Environmentally friendly and people-centred economic activities at a local level are enjoying increasing popularity as a sustainable alternative in an ever more urbanised and globalised world. Various initiatives – from local energy production to community supported agriculture – show how local, small-scale projects usually have a much smaller environmental footprint while providing high quality goods and services that are often more conducive to well-being than their industrialised and centralised substitutes.
While already fairly well-known in western Europe and the United States, the explicit reorientation towards local economies is still in its infancy in central and eastern Europe, but it has started to pick up speed in the region over the last few years.
Whether it is a village becoming energy self-sufficient by using local waste for heat and electricity production, a group of urban food enthusiasts working directly with farmers or a cooperative grocery store, several initiatives have sprung up in central and eastern Europe over the last five to ten years.
At least as interesting as the wide range of activities and sectors, however, are the stories of the people and communities who have been driving these local economy projects. It is their stories, their motivations and their struggles and imagination that we tried to capture in full size on this website. [*]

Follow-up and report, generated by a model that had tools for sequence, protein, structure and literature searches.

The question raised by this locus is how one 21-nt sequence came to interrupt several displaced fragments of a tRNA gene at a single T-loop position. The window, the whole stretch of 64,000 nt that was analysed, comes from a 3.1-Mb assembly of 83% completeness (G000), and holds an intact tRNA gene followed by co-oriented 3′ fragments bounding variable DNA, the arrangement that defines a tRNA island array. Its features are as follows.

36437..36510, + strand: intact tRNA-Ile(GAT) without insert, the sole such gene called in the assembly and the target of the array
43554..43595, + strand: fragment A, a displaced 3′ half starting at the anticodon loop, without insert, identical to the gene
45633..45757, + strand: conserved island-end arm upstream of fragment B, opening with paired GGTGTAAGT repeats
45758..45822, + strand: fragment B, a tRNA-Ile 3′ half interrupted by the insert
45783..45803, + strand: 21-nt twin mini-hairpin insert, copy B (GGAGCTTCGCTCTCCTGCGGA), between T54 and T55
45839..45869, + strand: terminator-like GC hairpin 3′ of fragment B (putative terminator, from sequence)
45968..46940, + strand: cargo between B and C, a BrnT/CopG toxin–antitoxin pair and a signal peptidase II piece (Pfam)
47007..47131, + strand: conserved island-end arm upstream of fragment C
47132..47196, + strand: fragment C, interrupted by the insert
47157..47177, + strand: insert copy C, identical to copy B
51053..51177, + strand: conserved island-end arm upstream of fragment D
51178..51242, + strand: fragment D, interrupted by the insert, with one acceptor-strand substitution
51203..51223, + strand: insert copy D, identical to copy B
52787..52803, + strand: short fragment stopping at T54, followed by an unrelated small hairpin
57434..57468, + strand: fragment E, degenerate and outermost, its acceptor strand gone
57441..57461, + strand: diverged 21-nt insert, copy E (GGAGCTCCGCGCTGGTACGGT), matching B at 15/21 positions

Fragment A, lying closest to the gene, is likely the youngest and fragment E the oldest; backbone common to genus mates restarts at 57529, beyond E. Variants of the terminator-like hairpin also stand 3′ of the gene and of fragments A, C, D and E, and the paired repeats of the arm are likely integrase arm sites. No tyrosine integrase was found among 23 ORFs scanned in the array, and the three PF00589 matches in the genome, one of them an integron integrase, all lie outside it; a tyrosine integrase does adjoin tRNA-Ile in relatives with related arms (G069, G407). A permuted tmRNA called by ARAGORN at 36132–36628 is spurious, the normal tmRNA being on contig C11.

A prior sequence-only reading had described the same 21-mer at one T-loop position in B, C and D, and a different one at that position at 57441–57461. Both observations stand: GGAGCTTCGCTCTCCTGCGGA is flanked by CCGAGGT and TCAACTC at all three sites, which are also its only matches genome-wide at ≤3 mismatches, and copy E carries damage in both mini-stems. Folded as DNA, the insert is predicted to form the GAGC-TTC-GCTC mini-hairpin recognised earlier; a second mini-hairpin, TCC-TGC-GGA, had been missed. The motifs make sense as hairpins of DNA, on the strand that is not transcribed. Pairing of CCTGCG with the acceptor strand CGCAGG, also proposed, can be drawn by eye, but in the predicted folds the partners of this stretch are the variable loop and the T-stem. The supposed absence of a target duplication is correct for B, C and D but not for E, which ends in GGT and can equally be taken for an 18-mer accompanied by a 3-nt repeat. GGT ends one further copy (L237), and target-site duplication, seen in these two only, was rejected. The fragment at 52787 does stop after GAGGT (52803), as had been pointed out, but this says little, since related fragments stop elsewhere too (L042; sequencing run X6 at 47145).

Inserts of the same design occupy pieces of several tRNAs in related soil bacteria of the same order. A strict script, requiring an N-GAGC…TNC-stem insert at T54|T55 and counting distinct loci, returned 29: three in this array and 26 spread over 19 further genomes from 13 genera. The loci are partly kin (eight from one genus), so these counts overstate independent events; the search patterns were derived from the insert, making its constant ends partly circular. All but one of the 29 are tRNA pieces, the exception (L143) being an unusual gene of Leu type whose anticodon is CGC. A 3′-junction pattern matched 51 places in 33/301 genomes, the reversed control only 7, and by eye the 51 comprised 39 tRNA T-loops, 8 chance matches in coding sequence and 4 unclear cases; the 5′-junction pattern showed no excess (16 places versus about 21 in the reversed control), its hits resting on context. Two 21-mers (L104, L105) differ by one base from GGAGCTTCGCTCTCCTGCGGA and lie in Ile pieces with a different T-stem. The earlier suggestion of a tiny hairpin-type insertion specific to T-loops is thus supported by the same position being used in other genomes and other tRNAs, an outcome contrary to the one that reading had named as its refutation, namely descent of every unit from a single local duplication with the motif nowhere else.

Our aim is to both inspire others to follow their examples and to offer useful tips for local activists, social entrepreneurs, municipalities or organisations.
Through the website you can get in touch with our local economy experts in the Czech Republic, Hungary, Latvia, Poland and Slovakia. We may be able to help with finding funding opportunities and navigating national regulations, or we can put you in touch with other initiatives.
* “We” that is CEE Bankwatch Network, a network of environmental organisations. Read a little more about us on this page.